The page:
May 15 (Bloomberg) -- Former U.K. Energy Secretary Ed Miliband entered the contest to become leader of the opposition Labour Party, pitting him against his older brother David, the only other candidate so far to have declared.
“I have decided to stand to be leader of the Labour party.” Ed Miliband said during a televised speech in central London. “I think it should be a fraternal contest, and not just in terms of myself and David but all the candidates at this election.”
The Miliband brothers both served in the cabinet of Gordon Brown, who resigned as prime minister on May 11, ending 13 years in Labour power. Former Foreign Secretary David Miliband, 44, declared his candidacy a day later.
Ed, four years younger than his brother, worked as a researcher and speechwriter for Labour’s deputy leader Harriet Harman before serving in Brown’s office while the party was in opposition in 1994. When Labour took power in 1997, he became an adviser to Brown at the Treasury until 2002 when he went to Harvard University to lecture on economics. Miliband was elected to parliament in 2005 and appointed Energy Secretary in 2008.
“My message to the British people is, we will learn from our mistakes,” Ed Miliband said. “ And my message to our party is this: we have to use this leadership campaign as a first step on the road back to power because that is where we should be as a political party.”
David, nicknamed “Brains” by Tony Blair when he served in the former prime minister’s policy unit, became a lawmaker for the northeastern district of South Shields in 2001. He entered the Cabinet four years later, serving as environment secretary before moving to the Foreign Office.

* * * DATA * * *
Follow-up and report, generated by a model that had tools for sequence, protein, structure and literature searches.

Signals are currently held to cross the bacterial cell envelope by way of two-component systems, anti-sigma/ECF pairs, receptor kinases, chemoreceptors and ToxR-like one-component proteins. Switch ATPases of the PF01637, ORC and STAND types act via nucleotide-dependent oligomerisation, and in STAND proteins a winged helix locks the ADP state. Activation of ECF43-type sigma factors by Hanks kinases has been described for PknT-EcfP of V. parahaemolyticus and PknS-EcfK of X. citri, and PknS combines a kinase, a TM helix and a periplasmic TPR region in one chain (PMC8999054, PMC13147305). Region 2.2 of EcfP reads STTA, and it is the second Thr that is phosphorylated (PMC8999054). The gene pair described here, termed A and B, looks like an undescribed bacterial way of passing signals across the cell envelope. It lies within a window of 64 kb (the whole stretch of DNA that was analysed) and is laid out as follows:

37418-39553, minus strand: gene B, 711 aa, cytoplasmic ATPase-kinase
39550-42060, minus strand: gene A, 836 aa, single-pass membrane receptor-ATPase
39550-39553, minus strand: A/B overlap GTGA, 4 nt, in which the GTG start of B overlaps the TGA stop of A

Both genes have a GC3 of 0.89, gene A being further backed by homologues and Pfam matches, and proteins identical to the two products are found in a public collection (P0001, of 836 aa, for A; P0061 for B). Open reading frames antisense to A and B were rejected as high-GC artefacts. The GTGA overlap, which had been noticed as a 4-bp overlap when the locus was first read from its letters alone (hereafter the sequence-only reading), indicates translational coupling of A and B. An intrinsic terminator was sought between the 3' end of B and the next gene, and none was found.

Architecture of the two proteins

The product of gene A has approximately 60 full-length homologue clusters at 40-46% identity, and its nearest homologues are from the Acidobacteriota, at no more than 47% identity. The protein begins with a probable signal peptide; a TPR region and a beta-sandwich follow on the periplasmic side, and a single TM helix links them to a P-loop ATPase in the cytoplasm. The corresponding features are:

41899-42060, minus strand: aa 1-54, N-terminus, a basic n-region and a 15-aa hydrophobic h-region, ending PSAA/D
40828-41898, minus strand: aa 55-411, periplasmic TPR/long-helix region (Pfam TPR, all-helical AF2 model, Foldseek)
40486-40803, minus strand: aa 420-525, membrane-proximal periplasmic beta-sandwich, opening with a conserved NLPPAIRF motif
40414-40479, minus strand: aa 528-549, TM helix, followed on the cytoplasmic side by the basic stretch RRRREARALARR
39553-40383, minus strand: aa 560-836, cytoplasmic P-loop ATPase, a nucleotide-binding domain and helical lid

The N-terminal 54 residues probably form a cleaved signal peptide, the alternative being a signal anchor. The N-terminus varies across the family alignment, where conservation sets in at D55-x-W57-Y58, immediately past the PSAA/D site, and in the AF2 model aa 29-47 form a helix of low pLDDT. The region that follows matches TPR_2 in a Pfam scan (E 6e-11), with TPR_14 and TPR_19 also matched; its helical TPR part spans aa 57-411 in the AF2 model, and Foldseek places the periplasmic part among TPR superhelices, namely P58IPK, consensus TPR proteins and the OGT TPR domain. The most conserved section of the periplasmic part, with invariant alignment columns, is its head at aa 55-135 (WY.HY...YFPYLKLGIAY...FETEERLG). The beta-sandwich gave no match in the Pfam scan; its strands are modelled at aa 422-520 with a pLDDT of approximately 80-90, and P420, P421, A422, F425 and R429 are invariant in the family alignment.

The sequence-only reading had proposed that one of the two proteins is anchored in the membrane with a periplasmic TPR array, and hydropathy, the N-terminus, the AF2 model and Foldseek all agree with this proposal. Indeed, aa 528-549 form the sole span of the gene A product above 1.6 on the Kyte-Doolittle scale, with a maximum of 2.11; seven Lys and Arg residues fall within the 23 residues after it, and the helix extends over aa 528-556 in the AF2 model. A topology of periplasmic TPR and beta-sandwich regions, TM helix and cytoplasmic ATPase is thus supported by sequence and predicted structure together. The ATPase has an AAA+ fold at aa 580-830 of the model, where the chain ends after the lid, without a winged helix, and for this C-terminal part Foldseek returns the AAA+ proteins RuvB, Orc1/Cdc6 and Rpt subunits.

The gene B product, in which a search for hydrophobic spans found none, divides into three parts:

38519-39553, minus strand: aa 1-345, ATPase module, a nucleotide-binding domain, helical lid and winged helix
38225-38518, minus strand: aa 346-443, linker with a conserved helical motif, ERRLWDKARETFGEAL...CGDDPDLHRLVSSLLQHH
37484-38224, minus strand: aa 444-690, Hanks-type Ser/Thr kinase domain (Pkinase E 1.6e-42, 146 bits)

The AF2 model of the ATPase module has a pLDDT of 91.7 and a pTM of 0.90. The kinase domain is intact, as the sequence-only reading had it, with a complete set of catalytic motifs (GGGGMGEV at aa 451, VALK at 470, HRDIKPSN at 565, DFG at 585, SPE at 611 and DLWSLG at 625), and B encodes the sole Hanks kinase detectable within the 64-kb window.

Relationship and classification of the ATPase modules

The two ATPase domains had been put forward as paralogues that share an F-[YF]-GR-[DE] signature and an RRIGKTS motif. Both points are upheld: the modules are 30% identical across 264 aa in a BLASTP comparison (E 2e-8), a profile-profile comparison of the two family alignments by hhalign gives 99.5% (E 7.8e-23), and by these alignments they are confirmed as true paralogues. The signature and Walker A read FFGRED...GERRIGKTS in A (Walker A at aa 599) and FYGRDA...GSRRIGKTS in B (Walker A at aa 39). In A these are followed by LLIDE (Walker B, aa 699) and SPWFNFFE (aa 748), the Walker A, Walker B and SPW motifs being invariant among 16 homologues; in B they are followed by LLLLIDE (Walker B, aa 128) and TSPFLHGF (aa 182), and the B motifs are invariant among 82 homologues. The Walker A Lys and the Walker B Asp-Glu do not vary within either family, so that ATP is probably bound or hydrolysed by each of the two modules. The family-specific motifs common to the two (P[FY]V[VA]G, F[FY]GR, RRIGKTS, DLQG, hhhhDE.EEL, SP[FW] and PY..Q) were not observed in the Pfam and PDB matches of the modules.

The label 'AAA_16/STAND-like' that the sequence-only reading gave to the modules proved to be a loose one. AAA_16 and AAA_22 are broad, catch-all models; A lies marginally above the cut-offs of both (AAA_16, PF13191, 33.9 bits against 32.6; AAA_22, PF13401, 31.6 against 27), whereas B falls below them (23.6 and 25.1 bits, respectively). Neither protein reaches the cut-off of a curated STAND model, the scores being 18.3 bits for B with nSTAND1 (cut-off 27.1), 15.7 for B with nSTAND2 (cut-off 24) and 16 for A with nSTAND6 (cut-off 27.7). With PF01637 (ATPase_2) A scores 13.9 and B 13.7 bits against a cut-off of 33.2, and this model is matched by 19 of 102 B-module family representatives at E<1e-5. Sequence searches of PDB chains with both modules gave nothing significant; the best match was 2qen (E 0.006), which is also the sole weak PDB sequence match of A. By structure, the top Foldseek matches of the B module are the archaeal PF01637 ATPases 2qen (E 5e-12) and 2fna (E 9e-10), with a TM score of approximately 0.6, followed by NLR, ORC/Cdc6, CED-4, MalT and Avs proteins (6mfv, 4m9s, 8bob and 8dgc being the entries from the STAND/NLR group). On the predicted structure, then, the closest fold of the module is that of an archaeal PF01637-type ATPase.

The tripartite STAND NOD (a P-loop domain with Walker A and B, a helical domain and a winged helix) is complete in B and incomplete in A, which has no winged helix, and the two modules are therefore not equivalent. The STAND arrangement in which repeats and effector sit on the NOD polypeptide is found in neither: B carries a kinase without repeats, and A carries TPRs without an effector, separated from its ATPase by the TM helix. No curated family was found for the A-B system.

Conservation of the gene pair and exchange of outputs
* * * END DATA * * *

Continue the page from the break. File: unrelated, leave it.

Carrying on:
“David is seen as more cerebral, more reflective and a little remote,” said Bill Jones, professor of politics at Liverpool Hope University. “Ed wears his cleverness more lightly, is a better communicator and has more of a common touch.”
The son of Ralph Miliband, a Marxist intellectual whose books include “The State in Capitalist Society,” Ed Miliband has degrees from both Oxford University and the London School of Economics. In Parliament he represents the district of Doncaster North in northern England.
“David is seen as a Blairite toward the right of the party. Ed, as someone who was very close to Gordon Brown, is seen as more of the left of the party, although I’m not sure how long these labels will last,” said Jones.
Former Work and Pensions Secretary Yvette Cooper has ruled herself out of the race to be Labour leader, while her husband, Ed Balls, the former schools secretary, has not declared his intentions. Other candidates may include Labour lawmaker Jon Cruddas.
Harman, Labour’s caretaker leader, former Home Secretary Alan Johnson and former Justice Secretary Jack Straw have also said they won’t seek the leadership.
The Labour Party’s National Executive Committee will meet on May 18 to set the timetable for the leadership contest.
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